Seasonal Preparedness Checklist: Winterized Fuel
Anyone who drives in northern states understands the importance of proper seasonal maintenance. Safe driving isn’t just about adapting to changing conditions—it’s also about having the right equipment for the weather, in all of its unpredictability.
While visibility and road conditions may involve guesswork—and a bit of hope—some driving needs are easier to anticipate. Diesel fuel, for example, behaves differently in colder temperatures than in the heat. That’s why, among other important winter preparations, treating fuel is essential in winter months. Across the colder parts of the United States and Canada, winter diesel is always treated with the appropriate additives.
The Need: Why Treat Diesel?
Like all fluids, diesel fuel becomes more viscous in colder temperatures. This effect is exacerbated by the fact that diesel often contains paraffin, which precipitates out of the fuel at lower temperatures. As a result, winter conditions can cause diesel to thicken (or gel) to the point where it no longer flows through the fuel lines, or filter. This causes the engine to stall or fail. It can also prevent the engine from properly heating the cab, which compounds the danger for drivers stranded in colder weather. To prevent this from happening, diesel is treated with additives when the temperature drops.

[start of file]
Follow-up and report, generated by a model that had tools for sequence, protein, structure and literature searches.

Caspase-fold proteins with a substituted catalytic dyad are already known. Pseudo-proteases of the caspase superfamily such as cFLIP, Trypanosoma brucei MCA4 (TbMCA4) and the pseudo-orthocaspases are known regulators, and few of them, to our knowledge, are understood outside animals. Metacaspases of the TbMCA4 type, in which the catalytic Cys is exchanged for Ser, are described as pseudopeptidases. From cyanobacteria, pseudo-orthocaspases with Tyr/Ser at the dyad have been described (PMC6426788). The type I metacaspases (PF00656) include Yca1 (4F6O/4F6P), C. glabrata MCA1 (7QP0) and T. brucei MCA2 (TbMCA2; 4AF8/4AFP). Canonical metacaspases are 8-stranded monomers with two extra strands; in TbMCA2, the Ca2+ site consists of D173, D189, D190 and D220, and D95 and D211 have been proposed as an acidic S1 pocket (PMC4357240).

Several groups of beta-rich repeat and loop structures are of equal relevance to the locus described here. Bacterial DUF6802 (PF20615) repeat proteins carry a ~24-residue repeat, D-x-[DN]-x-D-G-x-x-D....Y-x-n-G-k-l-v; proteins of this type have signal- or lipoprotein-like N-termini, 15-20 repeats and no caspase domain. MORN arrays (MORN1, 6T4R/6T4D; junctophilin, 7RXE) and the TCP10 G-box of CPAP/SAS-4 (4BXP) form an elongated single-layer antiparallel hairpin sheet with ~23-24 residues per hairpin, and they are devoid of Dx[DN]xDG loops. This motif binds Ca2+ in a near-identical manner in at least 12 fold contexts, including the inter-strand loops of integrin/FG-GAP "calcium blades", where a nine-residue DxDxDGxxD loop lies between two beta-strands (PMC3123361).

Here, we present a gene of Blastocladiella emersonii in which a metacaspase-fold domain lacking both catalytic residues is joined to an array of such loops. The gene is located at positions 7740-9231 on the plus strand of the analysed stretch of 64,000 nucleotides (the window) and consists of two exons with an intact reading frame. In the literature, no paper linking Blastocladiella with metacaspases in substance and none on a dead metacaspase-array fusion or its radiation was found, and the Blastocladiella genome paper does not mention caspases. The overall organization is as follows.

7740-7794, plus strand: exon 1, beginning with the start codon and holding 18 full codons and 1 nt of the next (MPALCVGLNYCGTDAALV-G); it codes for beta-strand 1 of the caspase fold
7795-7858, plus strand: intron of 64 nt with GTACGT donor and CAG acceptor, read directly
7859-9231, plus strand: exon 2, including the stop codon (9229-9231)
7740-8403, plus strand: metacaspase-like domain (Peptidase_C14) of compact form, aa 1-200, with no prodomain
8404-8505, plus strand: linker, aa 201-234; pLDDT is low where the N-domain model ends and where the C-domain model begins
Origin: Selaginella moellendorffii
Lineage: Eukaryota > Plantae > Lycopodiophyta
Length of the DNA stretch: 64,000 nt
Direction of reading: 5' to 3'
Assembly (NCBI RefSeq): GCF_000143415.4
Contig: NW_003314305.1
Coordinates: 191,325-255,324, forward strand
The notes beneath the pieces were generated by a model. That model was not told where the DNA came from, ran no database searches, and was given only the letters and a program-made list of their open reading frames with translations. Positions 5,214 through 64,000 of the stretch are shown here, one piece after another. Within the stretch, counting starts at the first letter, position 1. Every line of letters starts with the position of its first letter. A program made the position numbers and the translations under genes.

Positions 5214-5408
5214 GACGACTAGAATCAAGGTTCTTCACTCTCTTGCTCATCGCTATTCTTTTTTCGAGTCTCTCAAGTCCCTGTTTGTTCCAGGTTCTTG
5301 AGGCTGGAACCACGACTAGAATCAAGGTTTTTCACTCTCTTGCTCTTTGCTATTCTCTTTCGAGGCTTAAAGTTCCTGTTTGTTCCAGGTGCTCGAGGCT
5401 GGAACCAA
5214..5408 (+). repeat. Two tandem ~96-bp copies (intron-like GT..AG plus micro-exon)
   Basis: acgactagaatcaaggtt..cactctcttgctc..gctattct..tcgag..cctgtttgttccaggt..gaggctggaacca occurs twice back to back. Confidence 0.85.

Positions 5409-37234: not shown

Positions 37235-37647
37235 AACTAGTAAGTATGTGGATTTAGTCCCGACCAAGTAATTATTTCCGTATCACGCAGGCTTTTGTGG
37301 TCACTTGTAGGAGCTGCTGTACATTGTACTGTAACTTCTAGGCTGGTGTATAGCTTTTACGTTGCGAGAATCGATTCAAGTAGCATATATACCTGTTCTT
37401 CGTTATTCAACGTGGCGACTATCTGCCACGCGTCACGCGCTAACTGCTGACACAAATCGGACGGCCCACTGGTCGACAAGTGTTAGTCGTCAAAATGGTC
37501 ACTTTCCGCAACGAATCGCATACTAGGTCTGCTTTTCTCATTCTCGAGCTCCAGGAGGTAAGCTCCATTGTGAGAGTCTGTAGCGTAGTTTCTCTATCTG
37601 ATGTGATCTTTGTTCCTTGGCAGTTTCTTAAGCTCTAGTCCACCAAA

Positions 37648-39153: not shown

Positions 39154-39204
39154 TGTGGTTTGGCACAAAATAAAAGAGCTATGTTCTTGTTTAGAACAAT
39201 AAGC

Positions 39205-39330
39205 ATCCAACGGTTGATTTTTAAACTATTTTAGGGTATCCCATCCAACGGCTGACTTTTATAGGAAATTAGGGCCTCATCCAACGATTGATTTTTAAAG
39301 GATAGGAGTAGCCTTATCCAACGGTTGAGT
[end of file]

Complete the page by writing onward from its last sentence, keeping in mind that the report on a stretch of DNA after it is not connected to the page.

The Process: How Does It Happen?
In order to prevent diesel fuel from gelling, additives that alter the characteristics of the fuel are added. Additives can lower the gel point by preventing wax particles from coagulating and forming larger chunks that clog the engine lines. Other additives help “dry” the fuel by reducing the moisture content, thus diminishing the effect of freezing temperatures. Either way, fuel sold in northern areas comes pre-mixed for the consumer, so no additional steps are necessary on the part of the driver.
The Importance: Safety and ReliabilityAs noted, the consequences of diesel gelling are significant. While there are additives that may be helpful in “thawing” or “dissolving” gelled fuel, it can take time to get them to stranded vehicles if the driver doesn’t have them on-hand. It is obviously far preferable to prevent such issues by switching to winterized fuel by late October, or whenever the weather starts to get cold in the local area, to ensure that trucks have the fuel they need when the mercury dips.
Switching to winterized fuel at the appropriate time of year is a relatively simple step that can prevent a long list of mechanical and safety challenges. It is a crucially important aspect of winter preparedness.
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